Black justice is not blue death

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Fabienne Fleurantin/Staff writer

 

While it’s true that literature often depicts real events, author Toni Morrison’s words were unfortunately proven true July 17.

“You? You’re going to kill people?”

“Not people. White people.”

“But why?”

“I just told you. It’s necessary; it’s got to be done. To keep the ratio the same.”

I once read this excerpt from Morrison’s “Song of Solomon” as words of fiction. Now because of one hateful man, they have become fact.

President Barack Obama stood in front of a solemn crowd on July 12 to honor the officers killed in the line of duty by military veteran, Micah Xavier Johnson. Infuriated by the senseless deaths of Alton Sterling and Philando Castile, Johnson shot and killed five police officers during a Dallas protest. Officials said that “he was upset about police shootings and wanted to kill white police officers,” according to npr.org.

The president discussed how often he has spoken during these times of crisis, and that more needs to be done in order to enact positive progression.

“We’re used to them. I’ve seen how inadequate words can be in bringing about lasting change. I’ve seen how inadequate my own words have been,” Obama said, as cited on ABC News.

Although this tragedy is devastating, he disputed that it’s not right to undermine the issues affecting African Americans.

“We cannot simply turn away and dismiss those in peaceful protests as troublemakers or paranoid,” the president said.

“You can’t simply dismiss it as a symptom of police correctness or reverse racism. To have your experience denied like that, dismissed by those in authority, dismissed perhaps even by your white friends and co-workers and fellow church members, again and again and again? It hurts. Surely, we can see that. All of us.”

The Dallas sniper attack occurred because of one man’s skewed perspective and destructive impulse. But this one act of violence does not define the Black Lives Matter movement. We as black men and women are fighting toward proactive change, not the absence of white lives.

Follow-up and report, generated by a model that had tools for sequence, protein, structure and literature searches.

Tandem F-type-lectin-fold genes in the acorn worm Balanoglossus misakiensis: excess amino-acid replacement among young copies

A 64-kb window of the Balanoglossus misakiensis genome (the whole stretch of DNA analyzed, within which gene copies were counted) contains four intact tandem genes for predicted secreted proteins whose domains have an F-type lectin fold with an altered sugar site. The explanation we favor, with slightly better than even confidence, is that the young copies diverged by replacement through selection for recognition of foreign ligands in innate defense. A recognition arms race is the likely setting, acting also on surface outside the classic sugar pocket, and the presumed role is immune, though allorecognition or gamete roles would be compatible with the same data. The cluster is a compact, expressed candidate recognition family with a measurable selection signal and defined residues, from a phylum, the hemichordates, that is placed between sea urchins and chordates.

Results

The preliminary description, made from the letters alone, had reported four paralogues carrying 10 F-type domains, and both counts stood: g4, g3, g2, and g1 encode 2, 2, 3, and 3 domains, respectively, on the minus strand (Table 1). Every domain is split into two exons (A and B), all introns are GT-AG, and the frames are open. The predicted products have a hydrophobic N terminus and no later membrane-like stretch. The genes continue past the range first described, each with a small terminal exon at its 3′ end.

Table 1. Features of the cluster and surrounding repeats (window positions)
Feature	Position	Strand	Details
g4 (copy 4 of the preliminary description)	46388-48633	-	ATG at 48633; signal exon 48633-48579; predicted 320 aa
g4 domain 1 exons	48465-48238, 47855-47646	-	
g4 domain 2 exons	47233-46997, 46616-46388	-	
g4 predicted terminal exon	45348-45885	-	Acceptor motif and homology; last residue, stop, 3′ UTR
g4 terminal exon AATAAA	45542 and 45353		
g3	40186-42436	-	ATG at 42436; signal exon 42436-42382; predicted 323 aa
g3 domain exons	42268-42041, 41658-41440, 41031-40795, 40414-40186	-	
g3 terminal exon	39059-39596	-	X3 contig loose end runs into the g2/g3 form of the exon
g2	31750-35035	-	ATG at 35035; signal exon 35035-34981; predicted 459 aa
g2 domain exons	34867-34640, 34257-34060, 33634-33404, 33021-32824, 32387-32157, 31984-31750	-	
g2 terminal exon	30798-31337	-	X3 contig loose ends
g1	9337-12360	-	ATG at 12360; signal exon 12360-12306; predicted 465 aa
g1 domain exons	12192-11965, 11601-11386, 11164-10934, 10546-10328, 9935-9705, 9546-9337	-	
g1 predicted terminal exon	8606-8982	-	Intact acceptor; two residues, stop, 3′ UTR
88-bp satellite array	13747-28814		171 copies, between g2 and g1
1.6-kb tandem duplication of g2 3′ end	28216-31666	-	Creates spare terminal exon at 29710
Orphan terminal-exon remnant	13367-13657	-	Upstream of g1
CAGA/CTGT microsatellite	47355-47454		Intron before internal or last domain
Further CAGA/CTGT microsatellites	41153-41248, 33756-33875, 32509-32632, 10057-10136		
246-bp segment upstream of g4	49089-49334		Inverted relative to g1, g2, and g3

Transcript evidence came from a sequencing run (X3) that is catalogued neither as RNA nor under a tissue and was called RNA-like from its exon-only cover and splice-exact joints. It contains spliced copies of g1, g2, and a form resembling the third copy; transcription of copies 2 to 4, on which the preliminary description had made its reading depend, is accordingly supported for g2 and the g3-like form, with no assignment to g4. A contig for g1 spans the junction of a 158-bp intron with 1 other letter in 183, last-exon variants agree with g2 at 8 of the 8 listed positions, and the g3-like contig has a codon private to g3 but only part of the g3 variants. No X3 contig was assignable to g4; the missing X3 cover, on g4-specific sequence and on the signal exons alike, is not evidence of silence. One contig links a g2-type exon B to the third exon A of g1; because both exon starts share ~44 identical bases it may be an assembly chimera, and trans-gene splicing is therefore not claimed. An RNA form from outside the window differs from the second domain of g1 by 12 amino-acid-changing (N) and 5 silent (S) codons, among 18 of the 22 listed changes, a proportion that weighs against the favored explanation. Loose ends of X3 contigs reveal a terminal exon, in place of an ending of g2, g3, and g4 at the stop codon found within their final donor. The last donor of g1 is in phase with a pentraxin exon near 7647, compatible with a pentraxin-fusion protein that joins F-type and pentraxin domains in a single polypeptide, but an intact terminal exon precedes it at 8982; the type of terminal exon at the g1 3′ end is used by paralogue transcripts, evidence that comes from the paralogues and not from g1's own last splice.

We are living within a fractured system where fear has clouded our judgment and that needs to change.

“Systemic racism has maintained oppression in our society,” said Marissa Lucchesi, advisor for the Black Student Union. “Police officers are being trained to be afraid of black people and racially profile, but they are not being trained in systemic racism. In the cases with Alton Sterling and Philando Castile, police officers are already coming into these situations with preconceived notions. We are setting them up for failure because we are not teaching them how to identify racism.”

Our misconceptions have brought us to where we are today, and now these men in blue—Brent Thompson, Patrick Zamarripa, Michael Krol, Lorne Ahrens, and Michael Smith—have lost their lives because of it. That isn’t right. In order to prevent this from happening again, we have to fix what is broken.

“As a society, we are unwilling to recognize the weaknesses that we have, and part of it is the lack of willingness to learn. Until we are willing to make these changes, we will continue to see systemic racism. We have to take an active role in all these issues because these things are intertwined,” Lucchesi said.

Black lives do matter. So do blue lives. Just because protesters scream for black justice doesn’t mean they are vying for the murder of white men and women in uniform. Nor does it mean that they should be seen as thugs or dangerous threats to avoid.

These heroes in blue protect our people and put their own lives on the line to keep the peace. That does not mean that they approve of black people being killed. Nor does it mean that we should classify all men and women in blue as vicious villains that deserve to be persecuted. However, when a crime is committed, accountability has to be taken.

“We need to think critically about why officers are not being held accountable in ways that the average American would like to see. The justice system is doing what they feel is serving justice instead of solving it,” Lucchesi said.

We as a society need to understand this concept— that a portrayal of a race or profession does not define someone’s character. If we learn to adopt and follow through on this idea, maybe then we can begin to heal as a nation.

 

 

DISCLAIMER

The opinions presented within this page do not represent the views of FIU Student Media Editorial Board. These views are separate from editorials and reflect individual perspectives of contributing writers and/or members of the University community.

 

Image by Garry Lauzon, retrieved from Flickr:
Black Lives Matter

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